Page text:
Dream Recall in Brain-damaged Patients: A Contribution to the Neuropsychology of Dreaming Through a Review of the Literature: Fabrizio Doricchi and Cristiano Violani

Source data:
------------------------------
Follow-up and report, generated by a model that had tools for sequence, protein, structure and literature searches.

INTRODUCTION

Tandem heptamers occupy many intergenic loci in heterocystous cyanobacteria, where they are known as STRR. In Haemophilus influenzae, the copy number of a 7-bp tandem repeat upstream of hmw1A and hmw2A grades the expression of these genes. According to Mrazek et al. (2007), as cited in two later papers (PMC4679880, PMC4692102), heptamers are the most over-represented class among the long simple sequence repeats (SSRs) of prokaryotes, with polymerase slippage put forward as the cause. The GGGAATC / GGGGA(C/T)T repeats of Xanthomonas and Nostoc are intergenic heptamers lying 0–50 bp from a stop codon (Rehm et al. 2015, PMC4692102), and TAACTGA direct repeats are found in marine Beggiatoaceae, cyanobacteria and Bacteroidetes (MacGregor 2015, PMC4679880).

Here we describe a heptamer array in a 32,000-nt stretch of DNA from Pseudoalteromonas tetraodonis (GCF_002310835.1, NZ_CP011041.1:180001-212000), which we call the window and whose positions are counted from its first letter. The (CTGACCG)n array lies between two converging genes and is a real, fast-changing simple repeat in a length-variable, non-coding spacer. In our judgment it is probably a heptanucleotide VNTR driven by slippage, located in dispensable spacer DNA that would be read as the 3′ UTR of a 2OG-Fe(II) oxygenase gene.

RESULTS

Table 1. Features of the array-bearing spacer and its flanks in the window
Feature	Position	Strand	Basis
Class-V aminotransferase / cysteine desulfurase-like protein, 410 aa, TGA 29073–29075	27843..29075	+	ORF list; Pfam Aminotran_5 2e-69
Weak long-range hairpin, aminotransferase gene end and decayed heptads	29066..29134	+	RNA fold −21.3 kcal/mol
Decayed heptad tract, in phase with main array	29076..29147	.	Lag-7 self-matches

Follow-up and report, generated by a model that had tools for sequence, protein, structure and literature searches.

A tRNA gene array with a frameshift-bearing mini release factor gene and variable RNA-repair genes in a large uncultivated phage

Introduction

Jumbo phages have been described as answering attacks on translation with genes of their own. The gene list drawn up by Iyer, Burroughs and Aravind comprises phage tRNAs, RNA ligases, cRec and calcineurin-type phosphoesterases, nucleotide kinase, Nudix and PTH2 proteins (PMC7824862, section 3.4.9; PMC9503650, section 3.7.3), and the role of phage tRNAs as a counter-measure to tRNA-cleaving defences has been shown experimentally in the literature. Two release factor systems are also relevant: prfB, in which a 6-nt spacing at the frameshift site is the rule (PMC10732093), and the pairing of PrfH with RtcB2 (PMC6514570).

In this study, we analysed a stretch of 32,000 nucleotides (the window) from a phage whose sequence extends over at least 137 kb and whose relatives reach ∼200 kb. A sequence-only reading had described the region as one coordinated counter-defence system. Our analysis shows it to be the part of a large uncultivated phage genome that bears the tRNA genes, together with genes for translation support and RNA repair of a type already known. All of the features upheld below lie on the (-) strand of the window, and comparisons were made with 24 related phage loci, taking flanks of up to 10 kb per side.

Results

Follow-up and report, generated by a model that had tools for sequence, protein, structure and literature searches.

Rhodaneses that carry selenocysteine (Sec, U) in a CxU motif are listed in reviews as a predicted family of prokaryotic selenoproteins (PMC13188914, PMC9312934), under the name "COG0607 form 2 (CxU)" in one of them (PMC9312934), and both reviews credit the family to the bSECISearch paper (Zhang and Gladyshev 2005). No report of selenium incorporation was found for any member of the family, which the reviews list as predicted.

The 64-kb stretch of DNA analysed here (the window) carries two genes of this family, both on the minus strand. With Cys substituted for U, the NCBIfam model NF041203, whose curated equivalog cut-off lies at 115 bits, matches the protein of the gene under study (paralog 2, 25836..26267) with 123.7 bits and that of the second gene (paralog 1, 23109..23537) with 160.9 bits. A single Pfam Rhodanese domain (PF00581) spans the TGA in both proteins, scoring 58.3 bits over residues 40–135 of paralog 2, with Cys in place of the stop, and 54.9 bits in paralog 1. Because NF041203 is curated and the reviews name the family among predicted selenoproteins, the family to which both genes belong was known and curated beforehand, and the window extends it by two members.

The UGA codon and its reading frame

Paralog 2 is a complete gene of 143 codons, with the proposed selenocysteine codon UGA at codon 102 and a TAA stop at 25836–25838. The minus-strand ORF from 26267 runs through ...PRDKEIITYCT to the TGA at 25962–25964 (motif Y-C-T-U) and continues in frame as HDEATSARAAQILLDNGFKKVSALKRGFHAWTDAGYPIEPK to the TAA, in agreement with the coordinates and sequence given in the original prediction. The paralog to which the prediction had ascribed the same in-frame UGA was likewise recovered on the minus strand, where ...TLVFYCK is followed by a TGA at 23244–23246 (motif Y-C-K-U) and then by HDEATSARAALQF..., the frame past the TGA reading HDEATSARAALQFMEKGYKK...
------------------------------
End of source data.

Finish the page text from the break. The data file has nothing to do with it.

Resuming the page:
Why a Neuropsychological Approach to Dreaming? The recent scientific explosion of interest in dreaming has led to the strong consensus that this unique psychological state is the concomitant of rapid eye movement sleep. Investigations in animals have further provided convincing evidence that the cortical activation of REM is basically modulated by the brain stem. But how the REM-activated cortex actually elaborates the dream is still to be understood. Experimental evidence of cortical influences on some REM sleep-related phenomena (e.g., rapid eye movements; Jeannerod, Mouret, & Jouvet, 1965) have been obtained from animal studies, but it is obviously impossible to gain from such studies any information on the higher cognitive processes leading to the production and the retrieval of a dream. An alternative investigative strategy could be to look at experiments of nature in humans. An analysis of the effects of brain damage on the higher neurocognitive processes and on dreaming, could determine what damaged areas and functions are common to clinical cases of dreaming loss, alteration or maintenance.